Digital Project Archive

Primary Research Questions: How was The Dakota Access Pipeline constructed despite widespread protests and condemnation? How does this specific case relate to tribal sovereignty?

Carl M. Sack’s map that shows the original and current routes of The Dakota Access Pipeline
Final Assessment of the Pipeline by the Army Corp of Engineers that found no significant Environmental Impacts.
AnnaLee Rain Yellowhammer’s original handwritten note
Protesters at Standing Rock. John L. Mone/ AP

#NoDAPL protestors in DC. @AlexR_DC on Twitter
Page one of the case between the Sioux Tribe, the Army Corps of Engineers and Dakota Access
The safety procedures in place for the pipeline, from The Dakota Access website.
All the corporate funding for the pipeline.
Donald Trumps Financial Disclosure Forms from 2016. On pages 48 and 49 it is shown that he has interests and dividends in the company Phillips 66, which owns a quarter of Dakota Access. As of 2019 Trumps office has not disclosed whether he got rid of his shares in the company, either by selling them or placing them in a blind trust.
Trump signing the executive order to green-light construction of The Dakota Access Pipeline.
Tweet from the 2017 Dakota Access Pipeline Spill. Local government was notified hours after the spill was detected by the company, and it was recorded that the pipeline spilled 200,000 gallons of crude oil into the surrounding wetlands. As of January 2018, the pipeline leaked seven more times.

The construction of The Dakota Access Pipeline despite tribal protests and litigation show how important it is for tribes to be fully autonomous, on paper and in practice. Although on paper they are said to be sovereign nations, they are instead treated as quasi-states with no constitutional protections against the federal government. Many of their political decisions are controlled and monitored by the federal government as well. If native nations were actually treated as sovereign, the pipeline would not have been built near them because they would not have allowed it. Instead, the Army Corps spoke over them and legally allowed the pipeline the permits to be built, and eventually President Trump green-lit the project himself. Whenever there is money to be gained, Native interests goes out the window and greed takes over, ignoring federal laws and treaties in the hopes of increased revenue. Due to our current political system, corporations and politicians are becoming more intertwined, and this has led to the situation seen at Standing Rock. Native Nations should be treated as the sovereign states they are, so they never again have to deal with this kind of injustice.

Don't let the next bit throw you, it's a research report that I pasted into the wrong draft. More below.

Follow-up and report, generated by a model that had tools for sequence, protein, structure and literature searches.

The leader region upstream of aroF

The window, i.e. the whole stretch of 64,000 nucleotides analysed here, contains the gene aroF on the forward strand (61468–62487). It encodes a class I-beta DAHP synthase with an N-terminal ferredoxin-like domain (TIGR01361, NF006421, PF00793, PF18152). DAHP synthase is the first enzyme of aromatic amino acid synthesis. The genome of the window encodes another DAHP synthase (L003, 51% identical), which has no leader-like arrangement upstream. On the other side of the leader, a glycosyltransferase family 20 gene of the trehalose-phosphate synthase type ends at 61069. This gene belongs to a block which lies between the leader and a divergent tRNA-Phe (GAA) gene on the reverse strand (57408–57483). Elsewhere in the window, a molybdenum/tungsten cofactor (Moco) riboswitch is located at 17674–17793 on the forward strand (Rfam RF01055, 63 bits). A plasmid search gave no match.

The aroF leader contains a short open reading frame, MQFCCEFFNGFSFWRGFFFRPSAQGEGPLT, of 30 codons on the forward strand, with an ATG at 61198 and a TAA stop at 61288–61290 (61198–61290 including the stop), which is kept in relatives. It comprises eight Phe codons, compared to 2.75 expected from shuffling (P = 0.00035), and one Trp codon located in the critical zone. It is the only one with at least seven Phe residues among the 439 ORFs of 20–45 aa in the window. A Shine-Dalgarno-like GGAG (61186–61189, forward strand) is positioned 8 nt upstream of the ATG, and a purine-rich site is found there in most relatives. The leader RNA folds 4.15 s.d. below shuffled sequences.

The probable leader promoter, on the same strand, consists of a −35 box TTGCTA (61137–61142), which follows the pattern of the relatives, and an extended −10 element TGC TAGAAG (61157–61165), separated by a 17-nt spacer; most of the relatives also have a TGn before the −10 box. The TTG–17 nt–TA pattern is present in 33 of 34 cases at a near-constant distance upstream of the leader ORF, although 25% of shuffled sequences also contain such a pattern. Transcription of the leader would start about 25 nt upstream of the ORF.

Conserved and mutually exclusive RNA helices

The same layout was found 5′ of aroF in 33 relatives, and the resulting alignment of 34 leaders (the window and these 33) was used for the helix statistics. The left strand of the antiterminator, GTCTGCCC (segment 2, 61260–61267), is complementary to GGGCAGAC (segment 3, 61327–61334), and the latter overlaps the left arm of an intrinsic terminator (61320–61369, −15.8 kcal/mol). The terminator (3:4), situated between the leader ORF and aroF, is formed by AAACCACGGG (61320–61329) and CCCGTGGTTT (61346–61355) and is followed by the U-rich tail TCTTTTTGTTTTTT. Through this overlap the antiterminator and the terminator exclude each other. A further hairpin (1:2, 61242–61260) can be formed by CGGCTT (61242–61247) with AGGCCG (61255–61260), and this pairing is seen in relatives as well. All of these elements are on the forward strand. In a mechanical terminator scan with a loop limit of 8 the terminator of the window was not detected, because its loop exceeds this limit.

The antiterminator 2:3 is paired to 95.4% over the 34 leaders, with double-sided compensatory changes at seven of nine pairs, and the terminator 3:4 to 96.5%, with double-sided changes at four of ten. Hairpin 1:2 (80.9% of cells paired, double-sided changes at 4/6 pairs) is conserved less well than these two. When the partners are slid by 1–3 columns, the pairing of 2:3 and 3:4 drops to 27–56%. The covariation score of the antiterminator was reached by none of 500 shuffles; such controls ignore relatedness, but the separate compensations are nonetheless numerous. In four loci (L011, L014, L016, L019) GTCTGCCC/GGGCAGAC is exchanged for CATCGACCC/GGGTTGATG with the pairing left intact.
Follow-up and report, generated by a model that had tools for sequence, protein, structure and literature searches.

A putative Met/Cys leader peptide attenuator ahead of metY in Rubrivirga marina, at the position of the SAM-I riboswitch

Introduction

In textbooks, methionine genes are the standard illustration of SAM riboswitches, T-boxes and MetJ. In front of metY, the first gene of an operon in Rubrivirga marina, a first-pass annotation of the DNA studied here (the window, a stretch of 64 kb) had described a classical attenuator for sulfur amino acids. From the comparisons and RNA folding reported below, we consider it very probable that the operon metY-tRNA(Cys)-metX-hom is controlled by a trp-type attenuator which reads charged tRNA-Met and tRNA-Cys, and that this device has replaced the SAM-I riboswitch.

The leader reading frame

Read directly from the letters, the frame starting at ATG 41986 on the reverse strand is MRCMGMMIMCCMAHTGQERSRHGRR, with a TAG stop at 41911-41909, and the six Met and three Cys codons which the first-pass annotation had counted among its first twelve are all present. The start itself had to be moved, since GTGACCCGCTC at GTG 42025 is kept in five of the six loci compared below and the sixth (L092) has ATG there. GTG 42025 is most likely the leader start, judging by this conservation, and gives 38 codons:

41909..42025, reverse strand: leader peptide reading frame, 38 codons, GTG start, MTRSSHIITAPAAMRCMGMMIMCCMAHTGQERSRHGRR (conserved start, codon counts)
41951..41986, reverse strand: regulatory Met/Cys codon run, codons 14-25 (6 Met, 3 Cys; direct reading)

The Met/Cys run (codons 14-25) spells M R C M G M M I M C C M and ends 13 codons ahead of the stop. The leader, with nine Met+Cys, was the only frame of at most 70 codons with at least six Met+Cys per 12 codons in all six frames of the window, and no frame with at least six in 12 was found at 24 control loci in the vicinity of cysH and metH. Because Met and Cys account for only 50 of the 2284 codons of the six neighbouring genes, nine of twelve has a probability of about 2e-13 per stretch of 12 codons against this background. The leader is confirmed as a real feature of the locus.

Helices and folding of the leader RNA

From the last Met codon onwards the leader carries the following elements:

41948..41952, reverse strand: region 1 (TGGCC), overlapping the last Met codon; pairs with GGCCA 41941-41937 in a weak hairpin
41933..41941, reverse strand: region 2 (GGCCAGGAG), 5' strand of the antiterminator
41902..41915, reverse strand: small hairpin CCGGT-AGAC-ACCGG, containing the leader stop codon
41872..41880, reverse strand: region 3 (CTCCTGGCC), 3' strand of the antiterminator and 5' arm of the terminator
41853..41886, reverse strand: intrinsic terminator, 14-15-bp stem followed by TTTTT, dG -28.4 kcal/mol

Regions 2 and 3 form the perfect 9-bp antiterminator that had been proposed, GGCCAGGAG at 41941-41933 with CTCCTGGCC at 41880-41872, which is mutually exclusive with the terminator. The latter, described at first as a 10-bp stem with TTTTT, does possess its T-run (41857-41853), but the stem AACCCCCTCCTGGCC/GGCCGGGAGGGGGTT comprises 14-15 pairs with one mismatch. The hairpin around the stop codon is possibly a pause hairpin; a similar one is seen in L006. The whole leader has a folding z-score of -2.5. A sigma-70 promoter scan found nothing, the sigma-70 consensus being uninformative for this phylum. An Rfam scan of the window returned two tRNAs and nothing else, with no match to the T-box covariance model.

Rules for curation:

The artifacts either had to be in regard to The Dakota Access Pipeline, its construction, or its funding, or in regard to the Sioux reaction and response to the pipeline.

No artifacts from further back than 2014-2015, and nothing from the current Democratic primary campaigns.

Centered firmly on the Standing Rock Sioux Tribe and how they approached the situation.

I excluded examples from other tribes, and how other tribes were involved with this situation, because including all of them would be too large a task for me to complete in one semester.

I tried to avoid confirmation bias by looking at The Dakota Access point of view, through litigation and their own website. I also looked at the points the Army Corps of Engineers made when environmentally assessing the pipeline. This allowed me to look at both sides and gain a more comprehensive understanding of the nuances apparent in this situation. I understand the points they made about economic profits and safety, but by looking at the other side, I am able to draw my own conclusions about their where their priorities lie.

The Storytelling tool that I found the most useful in showcasing my story was Juxtapose. I used it to show how widespread the protests had become at Standing Rock; whole camps had been erected at protest sites. This shows how important these protests were to so many people. It also leads into the fact that although so many people were against the pipeline, it got pushed through permitting anyway. Part of my research was in discovering why that happened. I also used Juxtapose to show how construction of the pipeline would negatively affect the environment of the Dakotas, which would then have a direct impact on Standing Rock’s ecosystem, which its residents are dependent on for sustenance.

The most exciting part of this research process has been finding unexpected connections, like when I found documents that showed Trumps interest in the pipeline, or when a chart on a paper I analyzed about tribal sovereignty used the same medicine wheel image that I found in my primary source analysis.

The most challenging part has been finding the documentation and sources; many articles were written about this subject, but some only reference “documents” without providing links or other sources. This makes verifying the claims of articles much more difficult.